the immediate feeling rather partakes of
Ihe disagreeable. To see n -mao, in t\ie
very prime of life, with one leg, and one
stump, without support, coming forward,
smiling, and proffering to do, in a state ol
mutilation, what few tr?ale dancer-, perfect,
and wbole,- of the greatest art and expe?
rience, ever could do-'-.namely, afford un?
qualified gratification-seems to shock
one's delicacy, no less than to mock his
credulity.. Senor Donato, however, enlists
your sympathies pretty well, before you
have finished inspecting him. ' By his ex?
traordinary bounds and pirouettes, on his
entrance, he fixes your attention in a mo?
ment, and you are astonished at beholding
a dancer accomplish, on one leg, what
you cannot remember any professor of* the
Terpsichorean art having accomplished on
two legs. For wh6n astonishment" has
passed off,? your :nterest in Senor Donato
??chausted. On the contrary, you see some?
thing to be pleased with, in his perform?
ance, every moment, until at last you ac?
knowledge that he is hot. only one of the
rao3t surprising dancers you ever beheld,
but ono of the most erigagrug, and such is
the cas?. A person may smile at hearing
the word 'graceful' ?wed in speaking,^ a
one-legged dancer, but if ever the term
were applicable 4to a male Terpsichorean
artist, it is to Sen?r Donato, whose motions,
actions, gesture?, and general deportment,
are instinct with that natural ease and
propriety, which are the essentals of
grace. In short, the fact of Senor Donato
having but one leg, is forgotten by the
spectators, and their sympathies are en?
chained in following his marvellous feats of
agility and science; and these are bj no
means easy to describe. , ?
~ Senor L>onato entera, bounding on the
stage^o the tune bf some -Spanish dunce.
JLle'accompanies the tune with the castanet,
which he plays with more consummate skill
than any ono we ever heard. This may bo
a trifle, but it is a great gain for him. His
pirouettes are made with i acorn parable ease,
and the dexterous manner in which ha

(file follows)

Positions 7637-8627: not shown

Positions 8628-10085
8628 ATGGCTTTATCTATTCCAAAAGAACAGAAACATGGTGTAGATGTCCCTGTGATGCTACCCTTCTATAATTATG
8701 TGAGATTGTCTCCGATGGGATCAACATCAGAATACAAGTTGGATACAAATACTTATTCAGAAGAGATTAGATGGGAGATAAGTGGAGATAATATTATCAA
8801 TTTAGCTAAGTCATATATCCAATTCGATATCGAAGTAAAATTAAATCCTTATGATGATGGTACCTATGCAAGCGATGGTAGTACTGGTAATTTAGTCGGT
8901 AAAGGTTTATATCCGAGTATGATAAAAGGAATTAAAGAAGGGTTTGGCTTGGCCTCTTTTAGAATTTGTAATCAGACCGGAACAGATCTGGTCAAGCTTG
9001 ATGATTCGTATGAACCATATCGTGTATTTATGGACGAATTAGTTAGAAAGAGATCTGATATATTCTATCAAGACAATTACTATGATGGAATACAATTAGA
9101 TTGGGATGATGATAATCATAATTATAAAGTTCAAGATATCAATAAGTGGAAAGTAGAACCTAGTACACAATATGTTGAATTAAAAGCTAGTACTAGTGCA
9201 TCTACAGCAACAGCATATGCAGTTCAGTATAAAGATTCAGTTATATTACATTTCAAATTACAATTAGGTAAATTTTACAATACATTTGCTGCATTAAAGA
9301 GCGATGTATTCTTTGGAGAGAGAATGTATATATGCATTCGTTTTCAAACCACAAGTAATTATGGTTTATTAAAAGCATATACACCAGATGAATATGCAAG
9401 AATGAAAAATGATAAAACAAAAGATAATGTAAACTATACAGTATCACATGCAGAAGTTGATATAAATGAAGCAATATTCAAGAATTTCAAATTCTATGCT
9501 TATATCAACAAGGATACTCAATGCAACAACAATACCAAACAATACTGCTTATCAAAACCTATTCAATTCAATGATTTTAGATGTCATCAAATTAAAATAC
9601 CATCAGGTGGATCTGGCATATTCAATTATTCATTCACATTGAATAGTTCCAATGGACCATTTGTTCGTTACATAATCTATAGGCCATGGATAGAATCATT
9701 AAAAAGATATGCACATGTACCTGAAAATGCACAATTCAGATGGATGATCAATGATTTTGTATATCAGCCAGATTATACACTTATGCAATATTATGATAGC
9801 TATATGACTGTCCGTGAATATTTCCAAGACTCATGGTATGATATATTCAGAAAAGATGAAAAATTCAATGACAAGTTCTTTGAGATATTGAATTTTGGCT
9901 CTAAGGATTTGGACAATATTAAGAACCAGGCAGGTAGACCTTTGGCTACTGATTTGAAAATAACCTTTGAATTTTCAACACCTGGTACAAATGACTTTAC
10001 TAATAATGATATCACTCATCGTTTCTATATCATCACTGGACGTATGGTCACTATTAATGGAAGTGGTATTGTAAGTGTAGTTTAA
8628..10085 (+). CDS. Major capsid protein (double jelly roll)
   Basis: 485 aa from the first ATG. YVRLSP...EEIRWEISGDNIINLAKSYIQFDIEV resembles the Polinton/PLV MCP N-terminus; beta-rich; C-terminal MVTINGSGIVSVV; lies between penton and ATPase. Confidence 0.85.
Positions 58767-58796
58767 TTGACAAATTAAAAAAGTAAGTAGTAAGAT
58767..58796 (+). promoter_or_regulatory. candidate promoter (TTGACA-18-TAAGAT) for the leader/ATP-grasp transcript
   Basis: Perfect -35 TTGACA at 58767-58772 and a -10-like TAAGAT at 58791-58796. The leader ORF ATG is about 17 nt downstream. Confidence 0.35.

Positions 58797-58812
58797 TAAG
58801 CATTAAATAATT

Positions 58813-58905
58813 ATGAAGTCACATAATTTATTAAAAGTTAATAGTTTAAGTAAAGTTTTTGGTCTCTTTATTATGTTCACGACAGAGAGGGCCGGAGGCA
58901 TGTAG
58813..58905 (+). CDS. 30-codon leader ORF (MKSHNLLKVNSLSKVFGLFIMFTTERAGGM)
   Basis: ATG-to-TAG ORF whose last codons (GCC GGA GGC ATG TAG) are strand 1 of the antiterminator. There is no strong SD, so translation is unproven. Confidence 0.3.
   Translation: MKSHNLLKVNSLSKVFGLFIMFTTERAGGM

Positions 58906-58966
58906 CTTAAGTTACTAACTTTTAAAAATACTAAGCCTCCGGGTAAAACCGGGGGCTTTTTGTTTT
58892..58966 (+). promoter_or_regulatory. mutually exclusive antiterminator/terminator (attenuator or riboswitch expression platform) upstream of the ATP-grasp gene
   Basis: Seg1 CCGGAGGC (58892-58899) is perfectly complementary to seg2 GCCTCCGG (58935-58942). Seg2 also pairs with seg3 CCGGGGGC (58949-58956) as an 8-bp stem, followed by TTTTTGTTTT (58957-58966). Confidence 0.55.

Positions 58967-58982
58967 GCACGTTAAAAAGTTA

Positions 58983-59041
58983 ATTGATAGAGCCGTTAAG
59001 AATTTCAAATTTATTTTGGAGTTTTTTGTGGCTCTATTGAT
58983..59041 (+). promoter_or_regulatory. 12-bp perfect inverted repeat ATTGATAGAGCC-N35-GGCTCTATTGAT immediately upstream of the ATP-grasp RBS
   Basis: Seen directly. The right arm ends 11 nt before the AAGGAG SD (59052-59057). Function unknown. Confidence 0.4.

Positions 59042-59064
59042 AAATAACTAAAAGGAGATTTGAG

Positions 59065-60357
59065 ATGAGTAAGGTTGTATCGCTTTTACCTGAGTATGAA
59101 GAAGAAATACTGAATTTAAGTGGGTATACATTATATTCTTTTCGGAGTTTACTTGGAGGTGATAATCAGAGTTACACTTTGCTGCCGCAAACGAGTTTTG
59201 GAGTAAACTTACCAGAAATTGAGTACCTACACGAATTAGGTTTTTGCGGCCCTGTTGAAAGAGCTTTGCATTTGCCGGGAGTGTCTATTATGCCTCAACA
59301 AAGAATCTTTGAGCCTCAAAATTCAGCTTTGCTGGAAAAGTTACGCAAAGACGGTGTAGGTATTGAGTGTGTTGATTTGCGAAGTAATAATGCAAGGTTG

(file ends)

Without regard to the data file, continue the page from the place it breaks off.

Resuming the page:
swings his body round, performing two
revolutions, is beyond all belief. Among
the most difficult feats ho performs, is plac?
ing ? castanet on the ground, with his right
band, at right angles to Iris burly, and
taking ft up with bxs left hand, without
bending bis leg, all the time. 1*hc practi?
tioners in gymnastics wi li. understand the
difficulty of achroyinw^bTsfeat, standing on
two legs. . That p*?ri ??Senor Donato's per?
formance, however, which engages most at?
tention, and creates the greatest excitement,
iS?tn*? cloak dance. How the. dancer flings
the cloak around him, making it, assume ail
sorts of fanciful shapes-uow clothing his
body with- it, transforming it, as it were,
into a seashell-now waving the mantle
over him, likoa banner,-and now changing
it into a floating cloud, and making it de?
scend like a mist around bim-?must be seen
to be understood. Enough, let irs hope,
has been said to.show that Senor Donato is
tone oi the most remarkable performers ot
thia, or ?ny other age; aBd that London ia
about 1?> do his talents fulj justice, follow
the example of many of tb? towns anti
cities of the conti lent, is evident from the
crowds that attend Covent Garden nightly,
and from the immense enthusiasm his per?
j SKRMON^VS. DINNER.-A minister hav?
ing preached a" very long'sermon, as was
his custom, some hours after asked a gpn
I tleman his opinion of it;~ he replied, that
I 'twas good, but that it had spoiled a gooso
I worth two of it.'
The Yankees take good care-ol' their
dead soldiers. In each coffin a bottle is
?placed, containing within a record of his
name, rank, company, regiment, date and
cause ?f death.
State of South Carolina,
COLUMBIA, May 8, 1865.
To the Officers of the Civil Government of the
. State: .
THE cessation of hostilities renders it proper
that the Civil Government of the State
should be restored without delay, and that the
functions of the several departments should be
at once resumed. To thab end, all officers of
the State, whose offices have b<en kept in Co?
lumbia, will with all convenient promptitude
return to that place, re-open their offices and
resumo their proper duties.
Bv the Governor. A. G. MAGRATH.
' Official: W. S. MULLINS, Lt. Col and A- D. C.